Italian businessman to launch new ‘pro-European’ newspaper amid financial crisis

Italian businessman to launch new 'pro-European' newspaper amid financial crisis
An 85-year-old Italian press magnate says there's a gap in the market for a "progressive, liberal" newspaper in Italy - and he plans to launch one in the middle of the country's worst economic crisis since World War Two.
“Domani” (Tomorrow), a web-based publication with print editions, is to begin publishing in September, giving voice to what veteran businessman and media magnate Carlo De Benedetti called under-served “progressive, liberal and reformist” ideas.
 
“We will cover politics, economics, the environment, international issues,” the former owner of La Repubblica daily told AFP.
 
“No columns, no gossip, just facts.”
 
One of the most influential figures in Italian business, De Benedetti stepped down as president of all his companies in 2009.
 
Speaking to AFP, he said he hoped the new initiative would “last beyond my time on this earth”. And he defended the idea of launching another newspaper in this politically fractious country, and during an economic crisis.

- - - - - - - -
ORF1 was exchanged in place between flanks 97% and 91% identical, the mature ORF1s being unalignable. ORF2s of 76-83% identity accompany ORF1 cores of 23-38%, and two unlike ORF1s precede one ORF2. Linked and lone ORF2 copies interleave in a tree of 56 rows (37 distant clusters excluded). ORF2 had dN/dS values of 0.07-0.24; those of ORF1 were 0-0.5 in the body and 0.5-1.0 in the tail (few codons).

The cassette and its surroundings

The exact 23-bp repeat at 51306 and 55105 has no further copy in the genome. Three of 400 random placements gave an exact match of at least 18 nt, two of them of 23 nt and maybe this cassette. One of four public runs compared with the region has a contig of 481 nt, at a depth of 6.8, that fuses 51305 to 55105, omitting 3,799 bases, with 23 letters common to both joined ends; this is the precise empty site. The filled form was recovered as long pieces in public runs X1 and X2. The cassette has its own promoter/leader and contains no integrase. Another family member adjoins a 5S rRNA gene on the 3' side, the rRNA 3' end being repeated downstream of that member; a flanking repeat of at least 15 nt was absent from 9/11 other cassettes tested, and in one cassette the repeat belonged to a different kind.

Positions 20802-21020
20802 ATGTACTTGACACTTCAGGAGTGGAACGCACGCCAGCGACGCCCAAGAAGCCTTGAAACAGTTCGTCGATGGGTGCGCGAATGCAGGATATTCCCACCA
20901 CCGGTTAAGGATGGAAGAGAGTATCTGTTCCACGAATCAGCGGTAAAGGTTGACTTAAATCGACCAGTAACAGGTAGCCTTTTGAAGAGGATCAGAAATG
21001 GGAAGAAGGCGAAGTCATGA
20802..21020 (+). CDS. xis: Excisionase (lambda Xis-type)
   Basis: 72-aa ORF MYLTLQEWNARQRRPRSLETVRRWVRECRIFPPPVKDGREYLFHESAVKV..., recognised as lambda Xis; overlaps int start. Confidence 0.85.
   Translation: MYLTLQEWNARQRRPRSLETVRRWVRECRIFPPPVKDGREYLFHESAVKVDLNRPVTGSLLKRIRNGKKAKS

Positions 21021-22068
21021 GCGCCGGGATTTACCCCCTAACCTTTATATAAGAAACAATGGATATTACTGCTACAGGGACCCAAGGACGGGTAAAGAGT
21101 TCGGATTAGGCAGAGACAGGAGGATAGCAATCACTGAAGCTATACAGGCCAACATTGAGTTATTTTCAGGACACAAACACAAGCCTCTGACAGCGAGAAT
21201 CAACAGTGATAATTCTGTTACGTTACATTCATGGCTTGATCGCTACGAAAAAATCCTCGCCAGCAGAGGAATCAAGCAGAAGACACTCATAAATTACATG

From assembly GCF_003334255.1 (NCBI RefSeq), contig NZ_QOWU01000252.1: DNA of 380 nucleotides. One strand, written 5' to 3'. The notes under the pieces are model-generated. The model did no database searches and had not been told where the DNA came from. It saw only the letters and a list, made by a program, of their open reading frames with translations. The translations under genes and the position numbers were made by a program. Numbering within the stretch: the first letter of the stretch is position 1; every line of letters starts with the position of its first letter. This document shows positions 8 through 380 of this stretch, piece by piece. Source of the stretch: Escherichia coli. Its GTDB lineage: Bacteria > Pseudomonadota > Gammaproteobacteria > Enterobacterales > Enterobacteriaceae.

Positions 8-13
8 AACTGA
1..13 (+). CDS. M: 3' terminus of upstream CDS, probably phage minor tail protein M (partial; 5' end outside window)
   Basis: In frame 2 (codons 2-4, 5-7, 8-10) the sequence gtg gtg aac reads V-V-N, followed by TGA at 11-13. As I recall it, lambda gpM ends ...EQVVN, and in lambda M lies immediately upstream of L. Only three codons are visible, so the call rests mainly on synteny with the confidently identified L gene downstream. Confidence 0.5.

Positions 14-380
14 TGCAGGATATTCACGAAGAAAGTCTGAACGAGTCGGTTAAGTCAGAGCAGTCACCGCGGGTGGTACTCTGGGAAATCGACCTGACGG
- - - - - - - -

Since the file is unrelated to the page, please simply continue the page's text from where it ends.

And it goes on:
“It seems to me that after the change of ownership of the Repubblica-Espresso group, Italy found itself without 'a liberal voice', as they say in the United States. Let's say reformist or progressive,” he said.
 
Uphill challenge
 
Domani's newsroom of 17 journalists is to be headed by Stefano Feltri, who supervises ProMarket.org, a free-market online journal sponsored by the
Stigler Center at the University of Chicago's Booth School of Business.
 
De Benedetti said the new paper will have a clear stance “against all types of populism and sovereignty, against racism, in favour of the market, freedom
and Europe”.
 
De Benedetti said he planned to fund the paper with 20 million euros ($22.5 million) of his own money, divided between the publishing company and a
foundation to be set up. 
 
“After a first phase, which I will personally finance, I have undertaken to transfer ownership of the newspaper to a foundation, which will guarantee its
neutrality with regard to economic interests,” he said.
 
The Guardian in Britain and Germany's Frankfurtr Allgemeine Zeitung operate under a similar foundation model, he noted.
 
De Benedetti faces a “practically impossible challenge” in launching the title, said Carlo Alberto Carnevale-Maffe, a professor of business strategy and entrepreneurship at Milan's SDA Bocconi School of Management.
 
“Economically the market has never been so bad,” he said, adding nonetheless that there might still be room for original journalism, including
investigative work.
 
“But it's not easy to make it profitable,” the specialist warned.
 
De Benedetti said: “We want to be a paper that looks at news with the eyes of tomorrow and not yesterday,” adding that he would put even more money into the
project “before he dies”.


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